Two pet cats have become the first pets in the US to test positive for Sars-Cov-2 (COVID-19 coronavirus).
The Centers for Disease Control and Prevention (CDC) postulated that the cats had contracted the virus from an infected human being.
The pet cats, who live in New York state, had mild respiratory illness before being diagnosed with the virus. They are expected to fully recover.
The CDC said that routine testing of animals for the coronavirus was not recommended and state health officials would take a lead in determining if animals should be tested.
The health institute added that there was still no evidence that pets played a role in spreading the virus and that people shouldn't take actions on their pets that "may compromise their welfare."
The institute's request follows reports across the world of people abandoning their pets over rumors that they are carriers of coronavirus.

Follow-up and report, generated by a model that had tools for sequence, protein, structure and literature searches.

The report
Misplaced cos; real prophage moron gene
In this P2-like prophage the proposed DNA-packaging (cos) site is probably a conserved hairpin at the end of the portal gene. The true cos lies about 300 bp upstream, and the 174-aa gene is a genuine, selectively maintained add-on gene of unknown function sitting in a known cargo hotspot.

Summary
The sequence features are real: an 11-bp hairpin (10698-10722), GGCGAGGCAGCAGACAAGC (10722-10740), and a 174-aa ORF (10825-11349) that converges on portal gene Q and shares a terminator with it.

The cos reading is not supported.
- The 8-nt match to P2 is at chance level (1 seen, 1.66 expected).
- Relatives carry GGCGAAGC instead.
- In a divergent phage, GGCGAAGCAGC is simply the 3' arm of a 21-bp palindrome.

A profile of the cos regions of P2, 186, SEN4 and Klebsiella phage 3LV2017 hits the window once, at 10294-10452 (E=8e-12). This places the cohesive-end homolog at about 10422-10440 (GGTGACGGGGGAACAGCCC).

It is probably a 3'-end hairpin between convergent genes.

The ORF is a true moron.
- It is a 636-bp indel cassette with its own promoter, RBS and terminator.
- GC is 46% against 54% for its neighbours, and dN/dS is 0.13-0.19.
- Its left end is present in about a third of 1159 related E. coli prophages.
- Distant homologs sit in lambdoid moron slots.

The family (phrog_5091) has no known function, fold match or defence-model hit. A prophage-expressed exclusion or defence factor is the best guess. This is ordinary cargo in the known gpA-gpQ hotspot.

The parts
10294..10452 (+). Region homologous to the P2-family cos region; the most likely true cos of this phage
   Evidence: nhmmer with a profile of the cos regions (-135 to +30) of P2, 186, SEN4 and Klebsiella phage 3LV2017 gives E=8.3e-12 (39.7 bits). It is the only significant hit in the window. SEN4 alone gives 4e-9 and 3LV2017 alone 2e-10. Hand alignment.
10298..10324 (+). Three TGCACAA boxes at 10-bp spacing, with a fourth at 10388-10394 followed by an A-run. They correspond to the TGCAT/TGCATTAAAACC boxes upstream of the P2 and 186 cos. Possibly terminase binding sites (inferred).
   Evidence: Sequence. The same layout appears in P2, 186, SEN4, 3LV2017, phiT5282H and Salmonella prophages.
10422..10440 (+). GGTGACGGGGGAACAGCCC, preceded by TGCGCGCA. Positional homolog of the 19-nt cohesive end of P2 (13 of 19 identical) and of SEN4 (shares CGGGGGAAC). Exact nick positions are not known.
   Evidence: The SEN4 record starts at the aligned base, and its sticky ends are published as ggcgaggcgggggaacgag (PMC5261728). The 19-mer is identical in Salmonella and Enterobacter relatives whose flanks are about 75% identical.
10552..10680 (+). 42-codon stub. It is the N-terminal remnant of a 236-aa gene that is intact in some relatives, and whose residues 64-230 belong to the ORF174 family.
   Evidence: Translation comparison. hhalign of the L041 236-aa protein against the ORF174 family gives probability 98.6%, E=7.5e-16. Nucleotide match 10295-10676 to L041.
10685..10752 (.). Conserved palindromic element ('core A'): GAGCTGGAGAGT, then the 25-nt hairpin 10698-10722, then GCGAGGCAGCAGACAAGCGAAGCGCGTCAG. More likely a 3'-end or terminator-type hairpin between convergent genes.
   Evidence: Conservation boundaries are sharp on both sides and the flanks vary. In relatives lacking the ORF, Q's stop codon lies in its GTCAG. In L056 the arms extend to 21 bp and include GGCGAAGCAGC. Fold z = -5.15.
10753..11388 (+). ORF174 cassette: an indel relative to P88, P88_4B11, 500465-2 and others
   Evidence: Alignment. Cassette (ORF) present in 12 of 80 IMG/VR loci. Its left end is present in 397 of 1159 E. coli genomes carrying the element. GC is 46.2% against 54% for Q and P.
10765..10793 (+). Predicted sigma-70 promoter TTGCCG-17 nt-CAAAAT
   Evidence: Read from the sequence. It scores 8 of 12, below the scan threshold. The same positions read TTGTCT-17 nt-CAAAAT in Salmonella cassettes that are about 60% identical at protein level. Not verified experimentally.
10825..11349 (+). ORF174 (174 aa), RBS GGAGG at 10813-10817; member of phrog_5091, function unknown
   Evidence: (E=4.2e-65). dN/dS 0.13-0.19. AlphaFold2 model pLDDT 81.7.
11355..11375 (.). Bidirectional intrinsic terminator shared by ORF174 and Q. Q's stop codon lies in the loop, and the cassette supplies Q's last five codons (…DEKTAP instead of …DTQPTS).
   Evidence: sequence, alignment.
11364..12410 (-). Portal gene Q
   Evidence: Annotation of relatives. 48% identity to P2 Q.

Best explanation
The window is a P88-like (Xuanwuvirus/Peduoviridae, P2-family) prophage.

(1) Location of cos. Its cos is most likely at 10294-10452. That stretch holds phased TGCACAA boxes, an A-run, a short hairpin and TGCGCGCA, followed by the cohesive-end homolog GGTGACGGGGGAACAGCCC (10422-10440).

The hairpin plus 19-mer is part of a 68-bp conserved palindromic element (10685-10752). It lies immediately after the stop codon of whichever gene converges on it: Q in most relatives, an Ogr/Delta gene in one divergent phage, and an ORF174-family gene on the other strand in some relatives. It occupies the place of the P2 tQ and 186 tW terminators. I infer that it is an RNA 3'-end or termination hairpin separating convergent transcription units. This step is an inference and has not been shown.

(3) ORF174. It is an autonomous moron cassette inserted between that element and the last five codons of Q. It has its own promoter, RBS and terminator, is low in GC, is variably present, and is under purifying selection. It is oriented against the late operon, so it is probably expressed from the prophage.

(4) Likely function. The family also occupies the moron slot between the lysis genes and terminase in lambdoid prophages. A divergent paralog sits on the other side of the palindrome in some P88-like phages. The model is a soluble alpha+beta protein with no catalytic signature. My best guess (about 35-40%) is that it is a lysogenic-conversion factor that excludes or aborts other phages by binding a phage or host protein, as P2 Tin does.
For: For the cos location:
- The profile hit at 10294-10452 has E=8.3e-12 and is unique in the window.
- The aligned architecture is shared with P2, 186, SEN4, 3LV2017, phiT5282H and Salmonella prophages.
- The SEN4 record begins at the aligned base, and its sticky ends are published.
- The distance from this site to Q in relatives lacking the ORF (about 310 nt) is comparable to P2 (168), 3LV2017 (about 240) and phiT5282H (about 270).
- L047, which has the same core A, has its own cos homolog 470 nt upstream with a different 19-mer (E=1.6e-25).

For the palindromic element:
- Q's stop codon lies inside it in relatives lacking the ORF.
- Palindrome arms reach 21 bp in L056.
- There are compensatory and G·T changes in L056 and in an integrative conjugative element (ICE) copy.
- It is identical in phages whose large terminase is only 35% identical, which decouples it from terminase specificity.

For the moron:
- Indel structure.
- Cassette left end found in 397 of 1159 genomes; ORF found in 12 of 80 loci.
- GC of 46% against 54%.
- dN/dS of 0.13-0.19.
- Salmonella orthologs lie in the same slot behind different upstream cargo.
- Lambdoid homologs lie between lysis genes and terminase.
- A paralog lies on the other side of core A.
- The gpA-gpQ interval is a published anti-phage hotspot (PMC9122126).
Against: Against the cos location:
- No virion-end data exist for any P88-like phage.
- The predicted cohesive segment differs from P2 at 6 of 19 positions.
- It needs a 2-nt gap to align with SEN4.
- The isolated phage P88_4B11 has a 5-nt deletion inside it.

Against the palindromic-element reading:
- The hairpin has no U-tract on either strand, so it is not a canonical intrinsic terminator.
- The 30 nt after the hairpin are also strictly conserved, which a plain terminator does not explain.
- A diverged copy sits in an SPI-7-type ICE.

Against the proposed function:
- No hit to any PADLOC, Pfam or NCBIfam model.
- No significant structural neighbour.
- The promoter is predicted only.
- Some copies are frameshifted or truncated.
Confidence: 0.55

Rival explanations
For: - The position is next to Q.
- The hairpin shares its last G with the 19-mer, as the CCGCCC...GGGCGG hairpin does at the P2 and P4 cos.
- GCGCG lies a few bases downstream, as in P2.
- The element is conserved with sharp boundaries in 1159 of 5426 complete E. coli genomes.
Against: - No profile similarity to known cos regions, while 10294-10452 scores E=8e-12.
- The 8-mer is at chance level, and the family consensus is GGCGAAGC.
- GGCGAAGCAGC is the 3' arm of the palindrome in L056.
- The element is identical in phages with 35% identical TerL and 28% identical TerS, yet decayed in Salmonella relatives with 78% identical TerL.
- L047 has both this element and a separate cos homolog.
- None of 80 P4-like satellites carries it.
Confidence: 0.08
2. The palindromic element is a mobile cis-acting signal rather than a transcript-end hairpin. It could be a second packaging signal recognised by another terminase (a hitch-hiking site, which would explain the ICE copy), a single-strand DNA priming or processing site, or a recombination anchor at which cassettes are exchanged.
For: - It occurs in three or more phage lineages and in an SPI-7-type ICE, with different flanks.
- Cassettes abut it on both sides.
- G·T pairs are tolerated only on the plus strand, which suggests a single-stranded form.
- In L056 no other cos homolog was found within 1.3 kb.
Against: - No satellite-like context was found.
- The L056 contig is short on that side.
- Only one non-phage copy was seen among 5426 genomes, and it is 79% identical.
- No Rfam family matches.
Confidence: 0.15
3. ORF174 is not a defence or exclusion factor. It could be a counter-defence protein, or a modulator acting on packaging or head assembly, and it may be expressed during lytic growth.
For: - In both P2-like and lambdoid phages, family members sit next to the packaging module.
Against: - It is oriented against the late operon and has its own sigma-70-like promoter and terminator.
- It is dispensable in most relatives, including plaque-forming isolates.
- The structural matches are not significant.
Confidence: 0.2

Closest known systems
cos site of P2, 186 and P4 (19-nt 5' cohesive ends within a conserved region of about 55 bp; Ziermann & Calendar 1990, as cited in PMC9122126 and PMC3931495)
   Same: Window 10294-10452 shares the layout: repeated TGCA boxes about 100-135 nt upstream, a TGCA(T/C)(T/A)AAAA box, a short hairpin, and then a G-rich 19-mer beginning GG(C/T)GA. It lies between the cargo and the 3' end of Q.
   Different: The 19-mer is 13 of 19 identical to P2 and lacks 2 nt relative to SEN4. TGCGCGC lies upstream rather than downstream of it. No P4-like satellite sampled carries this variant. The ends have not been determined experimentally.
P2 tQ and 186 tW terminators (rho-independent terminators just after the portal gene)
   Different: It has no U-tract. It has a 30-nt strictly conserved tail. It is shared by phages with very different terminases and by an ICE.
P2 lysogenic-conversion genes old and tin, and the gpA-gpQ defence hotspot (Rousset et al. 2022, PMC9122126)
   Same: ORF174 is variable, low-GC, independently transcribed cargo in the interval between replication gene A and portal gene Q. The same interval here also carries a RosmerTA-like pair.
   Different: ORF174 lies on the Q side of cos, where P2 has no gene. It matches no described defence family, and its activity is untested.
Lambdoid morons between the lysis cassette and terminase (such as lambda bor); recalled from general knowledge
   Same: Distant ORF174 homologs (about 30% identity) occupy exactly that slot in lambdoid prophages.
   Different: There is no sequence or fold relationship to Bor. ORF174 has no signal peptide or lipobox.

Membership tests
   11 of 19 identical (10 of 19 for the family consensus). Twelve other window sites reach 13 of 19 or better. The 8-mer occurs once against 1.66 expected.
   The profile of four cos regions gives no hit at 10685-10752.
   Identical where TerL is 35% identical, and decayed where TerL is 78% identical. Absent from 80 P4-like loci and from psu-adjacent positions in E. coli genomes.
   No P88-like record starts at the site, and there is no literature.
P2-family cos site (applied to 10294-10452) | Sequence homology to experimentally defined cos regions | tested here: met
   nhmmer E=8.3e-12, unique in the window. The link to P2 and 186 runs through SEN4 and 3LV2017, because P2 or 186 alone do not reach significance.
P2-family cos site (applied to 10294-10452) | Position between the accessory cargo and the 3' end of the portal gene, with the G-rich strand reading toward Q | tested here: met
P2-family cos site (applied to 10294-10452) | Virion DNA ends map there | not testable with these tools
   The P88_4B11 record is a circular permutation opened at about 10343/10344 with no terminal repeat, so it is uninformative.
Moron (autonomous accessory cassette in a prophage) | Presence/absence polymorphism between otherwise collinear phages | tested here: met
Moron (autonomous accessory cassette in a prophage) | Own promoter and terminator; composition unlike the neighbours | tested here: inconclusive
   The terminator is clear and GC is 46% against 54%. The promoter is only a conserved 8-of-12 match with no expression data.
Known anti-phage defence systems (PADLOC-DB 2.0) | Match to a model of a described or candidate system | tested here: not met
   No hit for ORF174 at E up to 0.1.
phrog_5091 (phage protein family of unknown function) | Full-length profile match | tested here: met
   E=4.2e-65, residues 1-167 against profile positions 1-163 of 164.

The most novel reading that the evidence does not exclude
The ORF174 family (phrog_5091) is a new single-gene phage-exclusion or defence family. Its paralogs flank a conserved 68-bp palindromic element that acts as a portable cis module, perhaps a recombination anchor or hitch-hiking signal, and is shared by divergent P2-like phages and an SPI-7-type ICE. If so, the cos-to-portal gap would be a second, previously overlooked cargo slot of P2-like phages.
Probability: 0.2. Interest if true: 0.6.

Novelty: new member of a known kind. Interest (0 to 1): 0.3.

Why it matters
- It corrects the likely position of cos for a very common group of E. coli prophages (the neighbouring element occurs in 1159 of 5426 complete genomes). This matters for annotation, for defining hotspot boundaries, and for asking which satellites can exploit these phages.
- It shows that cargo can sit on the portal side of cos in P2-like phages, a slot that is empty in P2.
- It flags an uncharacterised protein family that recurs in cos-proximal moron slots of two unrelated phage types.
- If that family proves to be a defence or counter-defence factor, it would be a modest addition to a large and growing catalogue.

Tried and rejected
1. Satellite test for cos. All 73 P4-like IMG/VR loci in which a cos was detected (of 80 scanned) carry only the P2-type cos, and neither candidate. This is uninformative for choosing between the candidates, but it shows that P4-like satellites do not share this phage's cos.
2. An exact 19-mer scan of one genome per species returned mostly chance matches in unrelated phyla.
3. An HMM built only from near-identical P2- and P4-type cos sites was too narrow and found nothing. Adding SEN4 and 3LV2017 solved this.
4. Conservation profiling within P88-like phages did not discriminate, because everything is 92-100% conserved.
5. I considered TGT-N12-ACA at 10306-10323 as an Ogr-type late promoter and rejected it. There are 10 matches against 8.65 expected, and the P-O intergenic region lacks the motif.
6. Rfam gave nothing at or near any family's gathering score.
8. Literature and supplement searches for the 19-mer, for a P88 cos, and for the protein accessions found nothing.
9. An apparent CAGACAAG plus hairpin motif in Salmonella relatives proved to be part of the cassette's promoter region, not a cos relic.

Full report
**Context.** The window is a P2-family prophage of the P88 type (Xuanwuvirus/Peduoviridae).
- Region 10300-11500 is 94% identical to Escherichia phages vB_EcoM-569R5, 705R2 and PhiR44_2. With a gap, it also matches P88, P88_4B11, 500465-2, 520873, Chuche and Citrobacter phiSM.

The CDC released a list of recommendations to protect pets from the coronavirus. Some of them are as follows:
Do not let pets interact with people or other animals outside the household.
Keep cats indoors when possible to prevent them from interacting with other animals or people.
Walk dogs on a leash, maintaining at least 6 feet from other people and animals.
Avoid dog parks or public places where a large number of people and dogs gather.
The institute also cautioned COVID-19 patients to restrict contact with their pets.
To pet or to not pet?
A study conducted by the Harbin Veterinary Research Institute in China found earlier this month that the novel coronavirus could be transmitted between cats, but is unable to replicate easily in dogs. The study also revealed that felines quickly formed antibodies to the virus, leading them to not be contagious for a long time.
The coronavirus, however, does not restrict itself to pet animals. Earlier this month, a zoo in New York announced that Nadia, a 4 year-old Malayan tiger, had contracted the virus from an infected zookeeper.
am/rc (AFP, dpa)